ISSN 10227954, Russian Journal of Genetics, 2014, Vol. 50, No. 9, pp. 994–1002. © Pleiades Publishing, Inc., 2014.
Original Russian Text © L.A. Atramentova, I.P. Meshcheryakova, O.V. Filiptsova, 2014, published in Genetika, 2014, Vol. 50, No. 9, pp. 1124–1132.
The genetic consequences of migration have been
studied in human populations for decades [1–15].
However, the interest in this issue has not weakened
because demographic predictions are needed.
Due to the favorable geopolitical position of
Crimea, it has been at the center of largescale migra
tion flows for centuries. The first immigrants who
came to Crimea from Central Asia in the 8th century
BC were Scythians. The same period sees the begin
ning of Greek colonization, then Roman; Sarmatians
appear, and the rush of Boranes, Ostrogoths, and other
tribes who founded the Gothic Union and pressed the
Scythians amplifies. In the era of the Great Migration
(4–7 centuries), Crimea was settled with alien barbar
ian tribes; some Alan tribes migrated there from the
North Caucasus, and Khazars were making raids. In
the Middle Ages, Christianity starts to appear in
Crimea, while the MongolTatars form the Golden
Horde. In the 16–18th centuries, the Tatar raids cause
violent migrations of Slavic populations [16, 17].
At the end of the 18th century, the Muslim popula
tion was massively emigrating as a result of the annex
ation of Crimea to Russia. At this time, peasants from
the central and southern Russian regions of Ekateri
noslavskaya, Voronezh, Kursk, Ryazan, Orel, Tambov,
Kiev, Poltava, Chernihiv, and Kharkiv provinces were
orderly resettled in Crimea. In the 18–19th centuries,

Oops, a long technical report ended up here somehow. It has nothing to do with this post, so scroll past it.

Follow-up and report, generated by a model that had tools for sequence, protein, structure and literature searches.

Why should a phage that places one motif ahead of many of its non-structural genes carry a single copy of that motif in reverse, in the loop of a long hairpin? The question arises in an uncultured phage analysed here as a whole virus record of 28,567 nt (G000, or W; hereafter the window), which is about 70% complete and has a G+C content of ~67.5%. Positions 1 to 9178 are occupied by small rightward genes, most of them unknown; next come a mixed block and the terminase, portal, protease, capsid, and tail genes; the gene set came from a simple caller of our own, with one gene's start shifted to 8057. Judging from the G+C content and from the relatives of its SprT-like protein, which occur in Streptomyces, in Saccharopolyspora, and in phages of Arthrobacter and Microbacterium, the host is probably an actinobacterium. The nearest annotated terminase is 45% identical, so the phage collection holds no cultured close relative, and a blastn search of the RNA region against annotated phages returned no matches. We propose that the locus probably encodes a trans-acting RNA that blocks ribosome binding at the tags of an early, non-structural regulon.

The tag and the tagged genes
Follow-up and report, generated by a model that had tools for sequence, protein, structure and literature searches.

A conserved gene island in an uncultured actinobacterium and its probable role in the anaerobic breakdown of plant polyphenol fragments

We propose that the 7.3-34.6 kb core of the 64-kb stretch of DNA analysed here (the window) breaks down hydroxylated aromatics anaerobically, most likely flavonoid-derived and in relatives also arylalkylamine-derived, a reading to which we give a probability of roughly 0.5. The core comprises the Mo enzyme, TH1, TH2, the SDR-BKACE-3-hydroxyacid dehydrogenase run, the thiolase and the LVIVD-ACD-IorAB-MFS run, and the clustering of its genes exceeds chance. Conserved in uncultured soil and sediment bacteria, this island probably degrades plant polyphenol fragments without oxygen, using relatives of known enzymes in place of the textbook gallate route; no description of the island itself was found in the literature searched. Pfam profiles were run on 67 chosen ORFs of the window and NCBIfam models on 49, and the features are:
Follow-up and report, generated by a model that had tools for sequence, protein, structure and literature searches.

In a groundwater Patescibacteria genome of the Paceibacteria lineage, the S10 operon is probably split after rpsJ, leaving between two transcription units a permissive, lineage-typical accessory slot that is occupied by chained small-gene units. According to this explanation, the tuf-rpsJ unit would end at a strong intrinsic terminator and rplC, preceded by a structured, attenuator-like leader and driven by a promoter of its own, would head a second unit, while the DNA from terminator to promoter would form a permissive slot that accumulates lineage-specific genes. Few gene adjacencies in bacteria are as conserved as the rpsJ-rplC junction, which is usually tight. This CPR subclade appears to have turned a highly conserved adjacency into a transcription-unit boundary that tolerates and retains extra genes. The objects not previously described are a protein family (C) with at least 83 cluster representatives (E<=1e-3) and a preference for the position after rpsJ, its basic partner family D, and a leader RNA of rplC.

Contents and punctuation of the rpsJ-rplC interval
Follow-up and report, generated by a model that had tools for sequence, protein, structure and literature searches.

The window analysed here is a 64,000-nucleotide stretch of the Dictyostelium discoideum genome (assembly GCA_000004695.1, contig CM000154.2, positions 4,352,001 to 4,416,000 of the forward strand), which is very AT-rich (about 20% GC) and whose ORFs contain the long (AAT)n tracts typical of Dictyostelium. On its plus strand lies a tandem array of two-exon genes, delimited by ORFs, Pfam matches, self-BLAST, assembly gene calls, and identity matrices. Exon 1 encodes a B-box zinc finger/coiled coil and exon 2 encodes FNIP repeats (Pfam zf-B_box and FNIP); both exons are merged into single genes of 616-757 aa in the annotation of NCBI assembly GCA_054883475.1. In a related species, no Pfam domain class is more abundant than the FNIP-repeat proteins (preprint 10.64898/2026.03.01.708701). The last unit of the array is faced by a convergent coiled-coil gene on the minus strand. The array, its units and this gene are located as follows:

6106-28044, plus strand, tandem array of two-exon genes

50.6% of the 92242 immigrants who arrived in Tauride
Province from 1783 to 1854 were state peasants,
mostly Russians and Ukrainians. Settlements of Ger
mans, Bulgarians, and Czechs were formed. In the
19th century, many Jews rushed to Crimea, and by
1917 they accounted for 14.5% of the urban popula
tion of the peninsula. Russians and Ukrainians
accounted for 60.4% of the urban population and
35.9% of the rural population [16, 18].
After the revolution of 1917, a massive emigration
of the population began. During the Great Patriotic
War, the population was being evacuated, and the
Crimean Tatars, Germans, Bulgarians, and Arme
nians were being deported. Documents of the
Crimean regional committee of the Communist Party
of Ukraine show that 50000 Germans were deported
from the Crimea in August 1941, then 188626 Tatars
in May 1944, 14368 Greeks, 12075 Bulgarians, and
11296 Armenians in June 1944 [16–18].
Characteristics of Migration in the Population
of Yevpatoria (Crimea)
L. A. Atramentova
, I. P. Meshcheryakova
, and O. V. Filiptsova
Department of Genetics and Cytology, Karazin Kharkiv National University, Kharkov, 61022 Ukraine
Department of Medical Biology, Kharkiv National Medical University, Kharkiv, 61022 Ukraine
Department of Biology, National University of Pharmacy, Kharkiv, 61002 Ukraine
Received February 25, 2014
—Indicators characterizing population migration were calculated according to the marriage records
of Yevpatoria (Crimea) of 1960/1961, 1985, and 1994/1995. The marital migration coefficient
years was 0.80, 0.75, and 0.66, the endogamy index was 0.04, 0.08, and 0.15, and the rate of marriage contin
gency by birthplace was 0.15, 0.16, and 0.19, respectively. The highest values of the positive mating assortative
index were recorded for people from the Caucasus, Central, Central Black Earth Oblast, and Northwest
regions of Russia in 1960/1961 and for migrants from Moldavia, the republics of Central Asia and Caucasus,
Western Siberia, and Ukraine in 1985. In 1994/1995, natives of Yevpatoria were also included in this group.
The average distance of migration by year was 909, 1280, and 1314 km, and the marital distance was 960,
1397, and 1171 km. The “radius” of the Yevpatoria population, in accordance with the Maleco model in the
years under study, was 98, 134, and 137 km. The distance isolation indicator
was decreasing and amounted
to 0.00049, 0.00043, and 0.00038. In the migration flow in all of the periods, the majority of immigrants came
from different regions of Ukraine outside Crimea (27–31%), followed by natives of various places in Crimea
(21–24%), Central (3.6–8.5%), and Central Black Earth (1.8–6.1%) regions of Russia, and the South Cau
casus (4.0–5.7%). The proportion of Russians and Jews decreased in the migration flow, while the proportion
of Ukrainians and representatives of nonSlavic nationalities increased.